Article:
In “Russia” sexuality is a little more explicit as well as a displacement of ethnic identity with those of political or national sentiments. Overt violence intensifies the interaction; acculturation is not isolated to competing factions but intrudes into intercourse, putting the reader on edge, churning with questions whether the violence is non-consensual or arousing. The terror is only adverted by the story morphing into absurd symbolisms, bold associations eclipsing the reality they evolved from. Like the subconscious indications of dreamscapes, the replacement of actuality for abstract forms implies a coded message, an interaction of humanity with the symbolic structures attempting to give it meaning. The charismatic portrayal of these structures in surrealistic misalignment functions as enclosing the distance from symbolism and the human aspect; where Garrison’s protagonist is differentiated from a real ethnic or national experience other then uttering “’I am Russian,’” the metamorphosis from being naked in her kitchen to being naked on tundra simulates that physicality so that the metonym of her utterance isn’t left without a causal link. The charisma of surrealism doesn’t rely entirely on the distance between symbolization and experience. “Madonna Inn” charges ordinary reality with such strangeness and decadence you seem to have been transplanted into this Lynchian alter-dimension featuring “those two,” a pair of ventriloquist dummies, albeit in a silent role, their capacity for pseudo-speech antagonized without utterance. Eerie as this sounds, it’s not so difficult to place in the context of a realistic situation, jarring readers from their usual expectations to accentuate a symbolism derived directly from possibility.
Perhaps the most distinguishing feature in One Dollar Stories is the transformation of the ordinary into sensuality. This is directly accomplished through Garrison making every mundane gesture into an affair of intimacy. From looking at your forearm in a mirrored table or banging you knee on a table, these actions, that for the most part hold no broad meaning, contribute to the experience of persona. Characters are built by Garrison through these simple descriptions of behavior and bare strands of dialogue. “Man with No Memory” dissimulates endearment, awkwardly upsetting the intentions of “’I’ll kiss you forever, you know’” with the contradiction of that intention, “It feels so familiar to watch a woman pack, he said.” Idealizations of romance are presented as open-ended or disconnected from where relationships form in One Dollar Stories, plain reality taking up the obligation to portray the truth of romantic interactions. “Xmas” is explicitly anticlimactic, asking a young man back to your place only to state “’We’ll just sleep,’ she says, ‘Nothing else.’” Denial of sexuality does create space for true intimacy but intimacy is made both tender and fleeting by Garrison’s couples, the young man from “Xmas” staying to “’…just lie together,’” but botching every nuance of that shared experience when he attempts to sneak out the next morning. It doesn’t feel like Garrison is after the notion of love. What she makes available are the quirky operations of attraction and intimacy, including sex.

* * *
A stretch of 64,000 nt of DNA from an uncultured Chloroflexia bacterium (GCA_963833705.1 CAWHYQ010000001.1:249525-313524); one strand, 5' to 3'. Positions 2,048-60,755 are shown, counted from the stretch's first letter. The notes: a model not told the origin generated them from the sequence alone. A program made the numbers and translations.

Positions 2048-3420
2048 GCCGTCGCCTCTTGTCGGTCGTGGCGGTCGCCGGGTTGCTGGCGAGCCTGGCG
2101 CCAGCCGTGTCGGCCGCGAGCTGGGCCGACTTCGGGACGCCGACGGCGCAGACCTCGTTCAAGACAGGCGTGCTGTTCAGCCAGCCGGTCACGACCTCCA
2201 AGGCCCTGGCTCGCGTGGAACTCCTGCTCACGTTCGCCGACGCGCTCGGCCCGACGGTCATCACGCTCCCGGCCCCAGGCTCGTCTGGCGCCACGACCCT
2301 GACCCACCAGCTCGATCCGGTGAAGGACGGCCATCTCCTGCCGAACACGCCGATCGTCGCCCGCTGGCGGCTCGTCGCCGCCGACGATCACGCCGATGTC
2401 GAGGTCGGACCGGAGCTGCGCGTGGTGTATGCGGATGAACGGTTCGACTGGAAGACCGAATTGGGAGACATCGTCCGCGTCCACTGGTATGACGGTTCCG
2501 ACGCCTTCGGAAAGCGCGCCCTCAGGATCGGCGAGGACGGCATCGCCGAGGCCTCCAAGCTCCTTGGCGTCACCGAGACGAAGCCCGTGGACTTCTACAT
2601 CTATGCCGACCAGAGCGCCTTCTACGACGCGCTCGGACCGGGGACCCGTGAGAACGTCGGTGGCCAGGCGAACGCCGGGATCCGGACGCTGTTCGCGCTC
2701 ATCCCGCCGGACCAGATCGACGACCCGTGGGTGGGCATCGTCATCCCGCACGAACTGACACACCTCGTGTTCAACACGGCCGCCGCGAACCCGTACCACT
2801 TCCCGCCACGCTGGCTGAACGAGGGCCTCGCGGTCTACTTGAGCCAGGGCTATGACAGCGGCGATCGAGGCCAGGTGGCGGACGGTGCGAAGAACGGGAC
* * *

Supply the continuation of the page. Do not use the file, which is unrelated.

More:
This review may give One Dollar Stories a heavy handed treatment of its subject matter and delivery. On that note I have to emphasize that a lightheartedness an humor are prominent veins throughout the collection. Garrison isn’t interested in disconcerting readers with innovation of style or paradoxical experiences. All that is in the book remains remarkably accessible. It all resonates with a sweet tang compelling the reader to devour voraciously. And you won’t be left with an emptiness on completion of the short book, the tones and textures, thoughts and reflections find a permanent place in the literary mindset. As much as a flash One Dollar Stories is, I recommend moving as fast to get your copy.
One Dollar Stories by Jessica Garrison
Pale House Press/Dollar Dollar Books,
2010, trade-paperback, 65 pages.
Howard Brad Halverson is one of Forum’s Managing Editors.